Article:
I use the label ‘Wuhan Coronavirus’, but it is also described as ‘novel coronavirus’, and other names including perhaps confusingly just ‘coronavirus’. This is a disease that has managed to raise alert levels before even getting a unique name.
- What is a Coronavirus?
- First, The Good News
- Getting Infected?
- Now, The Bad News
- The Rate of Infection
What is a Coronavirus?
Answer: A family of viruses, ranging from the common cold to SARS, influenza, and others. They range from ‘relatively harmless’ to deadly. More information is available with a quick search, but generally at the moment use of the term ‘coronavirus’ is refereeing to the new version that does not yet have an official name. even though technically you could describe anyone with a cold as having coronavirus.
First, The Good News
So far over 4,700 cases of Wuhan Coronavirus are being treated with approximately 100 fatalities. This would indicate a mortality rate of around 4%, but as the denominator is those being treated, and there is an unknown number not requiring treatment, the actual rate should be lower. SARS had a mortality rate of approximately 10%, with around 8,000 cases and approximately 750 deaths. MERS infected around 2,500 people and resulting in around 850 deaths. Influenza has a mortality rate of around 1%, so this new coronavirus is closer to a new ‘flu’ than SARS or MERS in terms of mortality rate…at least so far.
As with the common cold, the normal path for transmitting infection is a carrier coughs or sneezes, creating tiny airborne droplets that can be inhaled by others, land on the skin of others, or on the skin of the carrier and then be physically transmitted to others.
Because coughing and/or sneezing are symptoms and normally required for the disease to be transmitted, we normally describe people displaying symptoms as ‘infected’. However, with all coronaviruses, there may be a significant number of people who ‘catch’ the virus, but with whom things do not progress to the display of symptoms. Such people may have immune systems extremely effective in dealing with the virus, or the initial exposure may be at a low level. It is normally impossible to know how many people display no symptoms, as there is only screening of people with symptoms.
In all, ‘infected’ usually means ‘displaying symptoms’, but may not include all people who have/had the virus in their system.
Now, The Bad News
Reports are that Wuhan coronavirus can be spread even by those not yet displaying symptoms. Perhaps even by people who would never display symptoms. This suggests just breathing is sufficient create vapour containing the virus, or there is yet another mechanism. Simply put, we may be seeing new ground in terms of how this virus can spread.
While the mortality rate is lower than SARS or MERS, this can easily be offset if more people become infected. If a virus with a mortality rate as low as even 1% was to infect 1/8th of the worlds population then there would be even 10 million deaths. The Spanish flu, another coronavirus, created an even greater level of devastation.
Rate of Infection.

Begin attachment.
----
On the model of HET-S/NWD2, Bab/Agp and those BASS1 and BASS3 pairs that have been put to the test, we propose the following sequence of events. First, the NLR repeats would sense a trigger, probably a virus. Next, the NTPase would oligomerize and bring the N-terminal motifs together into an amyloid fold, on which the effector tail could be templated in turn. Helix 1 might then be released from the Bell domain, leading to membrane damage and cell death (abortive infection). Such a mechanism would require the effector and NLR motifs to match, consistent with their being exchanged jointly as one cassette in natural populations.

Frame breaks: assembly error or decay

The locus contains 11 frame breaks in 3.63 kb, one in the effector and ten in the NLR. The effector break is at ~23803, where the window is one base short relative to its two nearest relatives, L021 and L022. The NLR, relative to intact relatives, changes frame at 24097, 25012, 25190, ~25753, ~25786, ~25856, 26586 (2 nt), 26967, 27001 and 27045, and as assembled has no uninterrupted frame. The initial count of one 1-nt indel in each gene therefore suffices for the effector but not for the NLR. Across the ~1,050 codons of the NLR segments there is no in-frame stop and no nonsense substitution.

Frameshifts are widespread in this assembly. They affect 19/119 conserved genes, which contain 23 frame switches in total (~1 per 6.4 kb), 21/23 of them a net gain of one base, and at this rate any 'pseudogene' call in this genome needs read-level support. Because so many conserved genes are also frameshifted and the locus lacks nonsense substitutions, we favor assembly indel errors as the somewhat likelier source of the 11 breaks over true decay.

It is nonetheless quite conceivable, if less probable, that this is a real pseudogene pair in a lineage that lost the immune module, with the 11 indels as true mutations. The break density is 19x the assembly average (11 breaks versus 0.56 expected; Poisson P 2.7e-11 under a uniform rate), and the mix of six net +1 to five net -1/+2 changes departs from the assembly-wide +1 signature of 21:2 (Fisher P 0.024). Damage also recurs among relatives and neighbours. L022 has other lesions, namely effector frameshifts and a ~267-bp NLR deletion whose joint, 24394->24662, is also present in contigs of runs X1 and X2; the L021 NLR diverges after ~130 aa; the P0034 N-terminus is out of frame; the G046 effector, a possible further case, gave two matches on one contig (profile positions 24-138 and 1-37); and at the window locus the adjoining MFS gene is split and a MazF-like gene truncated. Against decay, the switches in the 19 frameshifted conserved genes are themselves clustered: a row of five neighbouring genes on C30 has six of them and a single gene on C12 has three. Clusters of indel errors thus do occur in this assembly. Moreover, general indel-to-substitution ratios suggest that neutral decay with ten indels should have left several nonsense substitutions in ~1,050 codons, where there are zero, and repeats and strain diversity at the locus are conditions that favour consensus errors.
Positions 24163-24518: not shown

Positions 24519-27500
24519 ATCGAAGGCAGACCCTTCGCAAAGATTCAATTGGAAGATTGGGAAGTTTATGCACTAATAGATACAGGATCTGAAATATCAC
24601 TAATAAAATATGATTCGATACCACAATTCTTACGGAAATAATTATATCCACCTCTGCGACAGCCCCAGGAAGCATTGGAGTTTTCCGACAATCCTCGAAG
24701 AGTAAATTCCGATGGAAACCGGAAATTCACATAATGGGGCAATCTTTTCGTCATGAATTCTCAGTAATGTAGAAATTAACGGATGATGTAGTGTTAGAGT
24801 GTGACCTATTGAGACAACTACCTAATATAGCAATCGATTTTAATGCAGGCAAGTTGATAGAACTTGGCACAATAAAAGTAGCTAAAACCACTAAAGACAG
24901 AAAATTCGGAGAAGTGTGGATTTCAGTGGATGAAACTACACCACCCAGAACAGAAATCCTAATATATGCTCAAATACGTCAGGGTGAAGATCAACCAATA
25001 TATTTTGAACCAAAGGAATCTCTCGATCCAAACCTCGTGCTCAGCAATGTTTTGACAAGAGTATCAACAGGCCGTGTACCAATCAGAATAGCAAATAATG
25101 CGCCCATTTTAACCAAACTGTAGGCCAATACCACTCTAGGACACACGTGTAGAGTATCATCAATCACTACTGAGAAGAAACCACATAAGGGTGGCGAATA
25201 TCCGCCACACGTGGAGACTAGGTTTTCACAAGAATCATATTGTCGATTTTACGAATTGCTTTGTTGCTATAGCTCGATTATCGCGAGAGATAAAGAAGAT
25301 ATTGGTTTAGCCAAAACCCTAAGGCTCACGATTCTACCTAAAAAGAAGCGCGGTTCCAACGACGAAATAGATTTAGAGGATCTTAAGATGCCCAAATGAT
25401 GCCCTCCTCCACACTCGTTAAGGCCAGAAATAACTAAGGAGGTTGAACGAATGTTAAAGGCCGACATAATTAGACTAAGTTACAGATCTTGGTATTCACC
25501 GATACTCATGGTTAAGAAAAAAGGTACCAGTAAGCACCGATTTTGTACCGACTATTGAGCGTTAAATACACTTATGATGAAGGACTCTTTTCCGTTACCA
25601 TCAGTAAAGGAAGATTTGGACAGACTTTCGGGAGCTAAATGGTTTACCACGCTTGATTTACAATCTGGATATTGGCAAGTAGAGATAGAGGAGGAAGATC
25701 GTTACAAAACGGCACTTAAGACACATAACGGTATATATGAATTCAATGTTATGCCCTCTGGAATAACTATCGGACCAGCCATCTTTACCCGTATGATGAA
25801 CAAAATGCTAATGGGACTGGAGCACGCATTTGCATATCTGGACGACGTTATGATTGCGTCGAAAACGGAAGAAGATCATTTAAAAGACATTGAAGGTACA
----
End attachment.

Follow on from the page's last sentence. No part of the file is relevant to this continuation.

Over 4,000 people being treated just 2 months after ‘case 1’ is rather worrying. With a believed 2 week incubation period, that would be only 5 cycles of incubation. Even if the two weeks is longest time, and one week is more representative, then there are 9 cycles. From 1 to 4000 in 9 one week cycles, is an increase of just over 2.5 times more cases every week, or 53 times more cases every month. At that rate, we would reach 100,000 cases before March, and over 1 million before the end of March, and the entire population as soon as May, so obviously things cannot continue at that rate.
The 2.5 times per week could only continue in an infinite population. What limits that growth in a finite world is that many infections become multiple infections of the same person, or infections of those already infected. Contained within a given area, there simply becomes less and less new people to infect.
This gives and extra factor, ‘rate of contact with uninfected people’ factor. So far, this factor can be considered to be 1.0 or 100%, and perhaps even higher in artificially constrained environments such as cruise ships, but the rate will eventually drop to towards zero (0.0) and the first wave of the disease reaches infecting everyone it can.
Conclusion: Potentially a Wild Ride
The ability of medical science to understand how to handle epidemics and even create vaccines is way beyond what it was at the time of the Spanish Flu, so repeating the estimated 50 to 100 million killed at that time sounds unlikely.
However, in 1918, plane travel was not a reality so any disease spreading internationally had to happen far more slowly back then.
The growth rate of infection above does put into perspective the fact that while just over 4,000 cases worldwide now, the next month is critical. Does it reach close to the 180,000 possible by the end of February, or are there cases now in areas where further spread is not possible?
It will take another month to know the answer, but if the quarantine period really is two weeks, half of the next months infections may already be in place.
Stay tuned for what is potentially going to be one wild and frightening ride.